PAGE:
Central America's Commitment to Security

Widespread corruption, institutional weakness, disputes between countries, and resistance to more taxes, are jeopardizing the chances of success of the plan and its 22 projects.

Monday, June 27, 2011

A summit held in Guatemala, where for the first time since 1856 Central American countries agreed to fight together, culminated in joint action plans to combat drug trafficking.

Analysts warn that achieving concrete projects to prevent and suppress crime is "...complex for seven countries with mutual struggles, weak institutions, limited resources and high levels of corruption, and whose businesses hold back any attempt to raise taxes", reported Elnuevodiario.com.ni

For Francisco Rojas, the general secretary of the Latin American Faculty of Social Sciences (FLACSO), the countries' lack of institutional capacity to manage projects will be one of the biggest obstacles to achieving the objectives.



More on this topic

Central America: Highest Homicide Rate in the World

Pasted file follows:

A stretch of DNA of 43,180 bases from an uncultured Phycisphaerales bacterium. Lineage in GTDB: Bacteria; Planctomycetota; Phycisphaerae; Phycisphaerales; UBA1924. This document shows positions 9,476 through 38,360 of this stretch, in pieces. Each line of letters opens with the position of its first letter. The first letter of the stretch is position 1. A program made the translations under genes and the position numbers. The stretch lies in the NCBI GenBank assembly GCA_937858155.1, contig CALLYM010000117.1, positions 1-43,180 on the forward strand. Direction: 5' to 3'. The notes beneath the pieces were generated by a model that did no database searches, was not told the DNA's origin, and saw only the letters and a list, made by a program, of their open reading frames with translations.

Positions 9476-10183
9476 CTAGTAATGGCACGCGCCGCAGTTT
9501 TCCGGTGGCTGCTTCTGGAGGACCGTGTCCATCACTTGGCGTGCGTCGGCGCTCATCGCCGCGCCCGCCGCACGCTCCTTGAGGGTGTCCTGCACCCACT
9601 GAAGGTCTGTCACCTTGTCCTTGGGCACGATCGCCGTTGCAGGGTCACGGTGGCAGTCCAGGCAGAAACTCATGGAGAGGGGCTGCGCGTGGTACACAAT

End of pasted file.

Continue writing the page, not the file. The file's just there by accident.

April 2014

Drug trafficking and gangs are the main factors responsible for intentional murders in the most violent countries in the world: Honduras, Belize, El Salvador and Guatemala.

According to a report by the United Nations Office on Drugs and Crime at the United Nations (UNODC), in 2012 Honduras recorded 90.4 killings per 100,000 inhabitants.

$ 200 Million to Fight Crime in CA

March 2011

From El Salvador, the US president offered the funds for regional security projects.

Regarding distribution of funds, the president said Central American countries will be the ones deciding how to invest the funds according to their particular needs.

Laprensagrafica.com reported statements from Barack Obama, "It will be a program designed and led by Central American governments in the region ...

Guatemala close to becoming a Narco-State

September 2010

Guatemala’s weak institutions have been unable to contain drug traffickers, causing marked erosion in the authority and legitimacy of the state.

In numerous Latin American countries, organized crime and violence are corroding governance and imperiling democratic legitimacy.

The Power of Central America's Drug Traffickers

August 2010

Do these countries have a real chance of stopping drug trafficking, in the context of economies like Guatemala's where the value of the drug economy is double the country's GDP?

In 2007, just 1% of all South American cocaine sold in the USA passed through the region. Now the figure is between 60% and 90%.

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